This is an excerpt from Play Practice 2nd Edition eBook by Alan G. Launder & Wendy Piltz.
While the emphasis so far has been on introducing the game to young players, Play Practice can be used to improve performance at every level of play. While it is possible for anyone to create and shape their own games by using the principles detailed earlier, coaches can use the following games to develop specific aspects of skilled play.
5v5 Long Soccer
With experienced players, it is possible to simply divide the normal pitch down the middle to create two pitches of 100 by 40 metres (330 by 130 feet) long. This long narrow pitch with big goals encourages players to make longer passes and to shoot from farther away. This in turn encourages them to lift their eyes to scan play 30 or even 40 metres (90 or 130 feet) away, a crucial aspect of passing in the full game. Note that although the theme is long passing, other aspects of play become important. For example, longer passes mean the ball will be in the air more often, so there will be many more opportunities for players to control high balls.
With 5 to 7 players on a team, long soccer is also an ideal game to help youngsters make the transition to the full 11-a-side game. This is because the additional space makes it possible for attackers to make longer passes and to play behind the defence. While it can be played with rush goalkeepers, there will come a point when some brave souls will decide that they would like to play in goal full-time!
Two-touch soccer is a game shaped by the rule that only allows players two touches of the ball at any one time. This eliminates dribbling, encourages good ball control, and forces players to become aware of potential receivers even before they get the ball. Above all, it encourages every attacking player to support the ball player intelligently and to use good calling to tell them how much space and time they have to control and direct the ball. This game, as well as the progression to one-touch soccer, prepares players to inter-pass accurately and quickly in the limited space and time near their opponent's goal. Neither are games for beginners!
Four-goal soccer can be used to teach players to use cross-field passes to switch play away from heavily defended areas. With a large goal in each corner of the pitch, attackers facing a strong defence on one side can switch play to the other side for a more open shot at the goal.
The 2v2 game illustrates the Play Practice approach to the development of dribbling and ball control at the highest level. It is played in 10-by-10-metre (35 by 35 feet) squares, with 2-by-2-metre (8 by 8 feet) goals in each corner. The ball player now has only one potential receiver, who is likely to be closely marked, so passing will be difficult. Pressured by their own marker, ball players must learn to shield the ball as they look to pass the ball to another closely marked team-mate, shoot for a goal, or try to dribble past their defender (figure 7.13). This is a very demanding game that is only suitable for experienced players, and even they will only be able to play for short periods. However, it improves their ability to shield the ball under pressure and forces them to lift their vision while doing so.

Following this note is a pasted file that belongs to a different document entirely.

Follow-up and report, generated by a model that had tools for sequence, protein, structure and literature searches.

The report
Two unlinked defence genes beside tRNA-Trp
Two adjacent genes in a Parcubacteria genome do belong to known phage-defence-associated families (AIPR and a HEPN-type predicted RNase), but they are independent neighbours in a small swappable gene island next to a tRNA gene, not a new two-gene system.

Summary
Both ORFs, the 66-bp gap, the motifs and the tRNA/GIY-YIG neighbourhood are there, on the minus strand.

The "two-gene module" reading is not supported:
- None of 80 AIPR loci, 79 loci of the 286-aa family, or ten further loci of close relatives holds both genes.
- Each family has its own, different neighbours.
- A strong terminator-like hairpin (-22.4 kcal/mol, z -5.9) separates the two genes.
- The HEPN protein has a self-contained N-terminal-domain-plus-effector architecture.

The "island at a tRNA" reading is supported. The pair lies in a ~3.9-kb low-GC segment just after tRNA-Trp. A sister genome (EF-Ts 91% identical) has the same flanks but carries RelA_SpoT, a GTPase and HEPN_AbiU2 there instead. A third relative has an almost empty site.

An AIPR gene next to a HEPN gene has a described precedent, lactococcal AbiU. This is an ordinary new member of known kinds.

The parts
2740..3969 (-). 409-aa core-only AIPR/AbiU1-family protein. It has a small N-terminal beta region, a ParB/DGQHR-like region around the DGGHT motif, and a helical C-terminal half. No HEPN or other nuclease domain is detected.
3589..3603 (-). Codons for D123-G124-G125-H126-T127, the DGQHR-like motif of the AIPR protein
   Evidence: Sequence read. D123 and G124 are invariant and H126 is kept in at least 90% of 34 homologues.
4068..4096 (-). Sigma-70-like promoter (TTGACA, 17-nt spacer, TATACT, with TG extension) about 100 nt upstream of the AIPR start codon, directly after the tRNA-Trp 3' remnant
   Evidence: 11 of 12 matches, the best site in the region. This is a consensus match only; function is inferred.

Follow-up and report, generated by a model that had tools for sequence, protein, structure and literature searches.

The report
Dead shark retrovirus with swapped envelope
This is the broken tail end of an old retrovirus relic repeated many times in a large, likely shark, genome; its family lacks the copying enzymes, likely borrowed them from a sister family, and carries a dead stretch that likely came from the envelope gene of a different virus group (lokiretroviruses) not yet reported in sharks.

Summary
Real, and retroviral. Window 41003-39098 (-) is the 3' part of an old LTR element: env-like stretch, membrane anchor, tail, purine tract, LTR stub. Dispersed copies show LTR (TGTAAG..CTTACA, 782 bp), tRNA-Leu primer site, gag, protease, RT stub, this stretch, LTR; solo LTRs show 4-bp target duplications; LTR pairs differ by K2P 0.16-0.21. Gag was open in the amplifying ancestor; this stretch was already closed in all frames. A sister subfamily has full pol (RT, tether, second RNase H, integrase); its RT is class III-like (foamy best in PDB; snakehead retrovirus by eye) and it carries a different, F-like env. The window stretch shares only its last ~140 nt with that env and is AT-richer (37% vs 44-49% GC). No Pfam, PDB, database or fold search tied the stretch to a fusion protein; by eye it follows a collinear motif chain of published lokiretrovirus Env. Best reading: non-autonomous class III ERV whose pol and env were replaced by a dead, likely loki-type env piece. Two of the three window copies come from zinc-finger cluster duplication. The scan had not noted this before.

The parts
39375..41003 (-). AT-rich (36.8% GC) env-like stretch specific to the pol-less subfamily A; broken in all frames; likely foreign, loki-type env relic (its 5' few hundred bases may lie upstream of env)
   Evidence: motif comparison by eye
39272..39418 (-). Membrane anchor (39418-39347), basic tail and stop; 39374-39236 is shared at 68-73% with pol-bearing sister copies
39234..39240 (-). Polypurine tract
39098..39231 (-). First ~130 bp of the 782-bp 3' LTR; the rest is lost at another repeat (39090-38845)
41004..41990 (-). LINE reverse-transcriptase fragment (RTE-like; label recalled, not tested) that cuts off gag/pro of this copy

Remember that it is possible to shape many other aspects of play at the elite level by changing only one condition. For example, if the condition is that goals can only be scored with the head, players will quickly work out that it is far easier to do this when the ball is crossed in the air from the flanks. This in turn encourages the use of width in attack and leads to more attempts by players to dribble past defenders so that they can create the space and time to make a good cross. The coach can then focus play on any of these elements. For example, they might work on near-post and far-post positioning for the header or continually stress the importance of taking on and dribbling past defenders. Instructors must reward every attempt to take on defenders and should never criticise players if they fail to beat their opponent.
If youngsters are to play the 11-a-side game, instructors should introduce a basic playing formation. Here, we recommend what is termed the WM formation. While it, along with the names of the playing positions, will seem old fashioned to many, this formation (figure 7.14) is perfect for beginners. In its basic form, it illustrates the principles of play, especially width and support in attack and depth in defence. It helps youngsters understand the importance of effective positioning and enables them to take on roles in the formation depending on their specific abilities. Note that this formation can be used very flexibly to create a range of other formations. For example, by moving one player, it is possible to turn it into the 4-3-3 commonly used by many elite teams.
The goalkeeper is a highly specialised position. While all students should be given an opportunity to play as rush goalies, they should never be forced to take on the full role in organised games. However, if youngsters do decide that they want to play in this position, they will need specialised training to improve both their positioning and agility.
Learn more about Play Practice, Second Edition.